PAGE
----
surrounded by are always looking out for new films. Even though we follow major
filmmakers like Wes Anderson or Hiyao Mizayaki, we constantly try to find inspiration
for films that we can make: films that are produced at a level that doesn’t require the
budget necessary for a big budget film. We don’t have CGI capabilities, for example.
We look for smaller filmmakers that express themselves in interesting ways that do
not require millions of dollars.
How do you feel about short films versus feature films?
To a certain extent, I prefer short films over feature films. There are pros and cons to
both. For example, the fact that anybody can make short films dilutes the quality out
there. In comparison, feature films require a lot of money so a certain level of quality
needs to be there for someone to fund them. Short films creates the opportunity for
somebody to tell a story in a way that isn’t what the public are accustomed to. For
example, superhero movies follow a very specific formula: it’s almost as if they have
a list of how many explosions there have to be, how many CGI characters there
have to be, or a mysterious hero that has to dress a certain way. In short films, those
audience-pleasing ‘requirements’ are gone.
A film can depict somebody screaming or expressing genuine emotions without trying to impress or cater to a certain
demographic of audience. If you have a film festival that curates films that effectively
use individual ways to showcase beautiful or interesting stories, that in itself is worth
it. I really appreciate well-made short films instead of big blockbuster films that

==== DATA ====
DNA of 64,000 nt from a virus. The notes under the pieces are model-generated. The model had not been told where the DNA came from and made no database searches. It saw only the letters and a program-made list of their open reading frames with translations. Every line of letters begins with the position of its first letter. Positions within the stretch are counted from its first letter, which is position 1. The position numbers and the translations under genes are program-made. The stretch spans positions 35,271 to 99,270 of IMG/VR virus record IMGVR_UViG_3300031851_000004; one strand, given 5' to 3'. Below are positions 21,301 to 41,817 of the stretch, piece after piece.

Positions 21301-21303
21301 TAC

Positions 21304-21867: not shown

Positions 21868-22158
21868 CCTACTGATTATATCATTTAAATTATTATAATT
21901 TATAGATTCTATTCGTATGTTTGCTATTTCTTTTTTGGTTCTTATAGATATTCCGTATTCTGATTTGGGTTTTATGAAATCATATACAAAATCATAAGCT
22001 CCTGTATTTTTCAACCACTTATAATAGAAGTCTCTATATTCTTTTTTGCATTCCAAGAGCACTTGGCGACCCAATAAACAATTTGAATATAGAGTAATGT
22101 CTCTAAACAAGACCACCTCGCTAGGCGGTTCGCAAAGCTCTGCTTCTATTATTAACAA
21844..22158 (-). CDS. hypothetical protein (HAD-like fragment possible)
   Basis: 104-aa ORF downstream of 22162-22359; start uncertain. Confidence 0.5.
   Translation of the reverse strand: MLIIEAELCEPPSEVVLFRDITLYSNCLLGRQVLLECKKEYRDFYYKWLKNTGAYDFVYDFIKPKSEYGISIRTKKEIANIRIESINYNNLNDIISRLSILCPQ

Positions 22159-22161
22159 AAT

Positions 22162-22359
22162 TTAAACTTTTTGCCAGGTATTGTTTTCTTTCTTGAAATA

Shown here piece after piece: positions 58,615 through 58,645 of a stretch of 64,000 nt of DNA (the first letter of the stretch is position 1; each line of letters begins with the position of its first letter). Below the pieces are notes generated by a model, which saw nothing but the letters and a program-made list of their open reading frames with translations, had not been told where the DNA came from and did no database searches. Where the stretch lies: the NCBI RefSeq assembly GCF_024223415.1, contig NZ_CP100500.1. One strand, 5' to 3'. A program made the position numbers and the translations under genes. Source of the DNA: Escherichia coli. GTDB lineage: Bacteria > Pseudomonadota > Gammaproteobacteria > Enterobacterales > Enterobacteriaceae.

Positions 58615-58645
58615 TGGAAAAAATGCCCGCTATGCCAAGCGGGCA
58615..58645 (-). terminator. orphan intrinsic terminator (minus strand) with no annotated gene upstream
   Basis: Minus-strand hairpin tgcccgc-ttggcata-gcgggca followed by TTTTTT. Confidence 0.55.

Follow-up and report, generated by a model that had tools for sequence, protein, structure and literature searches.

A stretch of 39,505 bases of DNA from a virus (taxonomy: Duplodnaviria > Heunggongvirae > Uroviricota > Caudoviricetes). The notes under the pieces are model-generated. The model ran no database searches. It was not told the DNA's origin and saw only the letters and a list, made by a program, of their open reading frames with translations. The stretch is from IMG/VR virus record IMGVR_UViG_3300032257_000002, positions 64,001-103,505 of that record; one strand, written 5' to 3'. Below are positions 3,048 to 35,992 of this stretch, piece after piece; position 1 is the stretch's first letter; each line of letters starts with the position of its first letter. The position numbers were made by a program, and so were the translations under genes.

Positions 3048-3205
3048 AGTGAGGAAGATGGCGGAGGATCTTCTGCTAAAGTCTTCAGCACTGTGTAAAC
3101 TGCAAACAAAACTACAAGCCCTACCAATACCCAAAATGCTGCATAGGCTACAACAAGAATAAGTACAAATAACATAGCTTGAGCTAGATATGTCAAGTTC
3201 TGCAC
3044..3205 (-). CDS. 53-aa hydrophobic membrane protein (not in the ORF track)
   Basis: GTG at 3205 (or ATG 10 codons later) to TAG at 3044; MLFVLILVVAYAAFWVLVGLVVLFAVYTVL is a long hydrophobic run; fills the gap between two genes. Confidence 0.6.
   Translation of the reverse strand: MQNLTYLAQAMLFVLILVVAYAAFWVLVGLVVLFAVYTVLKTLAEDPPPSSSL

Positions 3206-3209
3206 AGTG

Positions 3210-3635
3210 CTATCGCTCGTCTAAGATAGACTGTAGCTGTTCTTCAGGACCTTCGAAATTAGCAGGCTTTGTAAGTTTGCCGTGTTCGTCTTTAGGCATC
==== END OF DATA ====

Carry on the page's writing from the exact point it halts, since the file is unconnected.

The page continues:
please the masses. The former are special and made in a way that hasn’t been seen
How does your family feel about you being a filmmaker?
It’s funny because I started out wanting to be a lawyer. i liked public speaking and
debate, and I told my mom that I wanted to be a lawyer, which she held onto for
some time. But my family is in the creative industry, so they understand the attraction
but also recognize the risks. They’re really supportive. I want to make sure they feel
secure, so being a filmmaker is something that I’m conflicted about because it’s not a
very secure career path. I want to find a way that I can generate a stable income
while still doing what I like to do.
What do you think the general consensus is?
A friend said something very interesting. She commented that our parents are
supportive of what we do because they can afford it based on current circumstances:
the scholarships and other resources that are available to everybody from all
demographics, which is very different compared to what was available in our parents’
generation. A lot of Chinese families that moved here from mainland China didn’t
have jobs, so following a creative path was difficult. For instance, my grandpa came
to Hong Kong from Guangzhou with a creative job, and everybody around him had a
secure job. It was difficult for him because his family wouldn’t accept it. It’s the same
for my dad’s generation.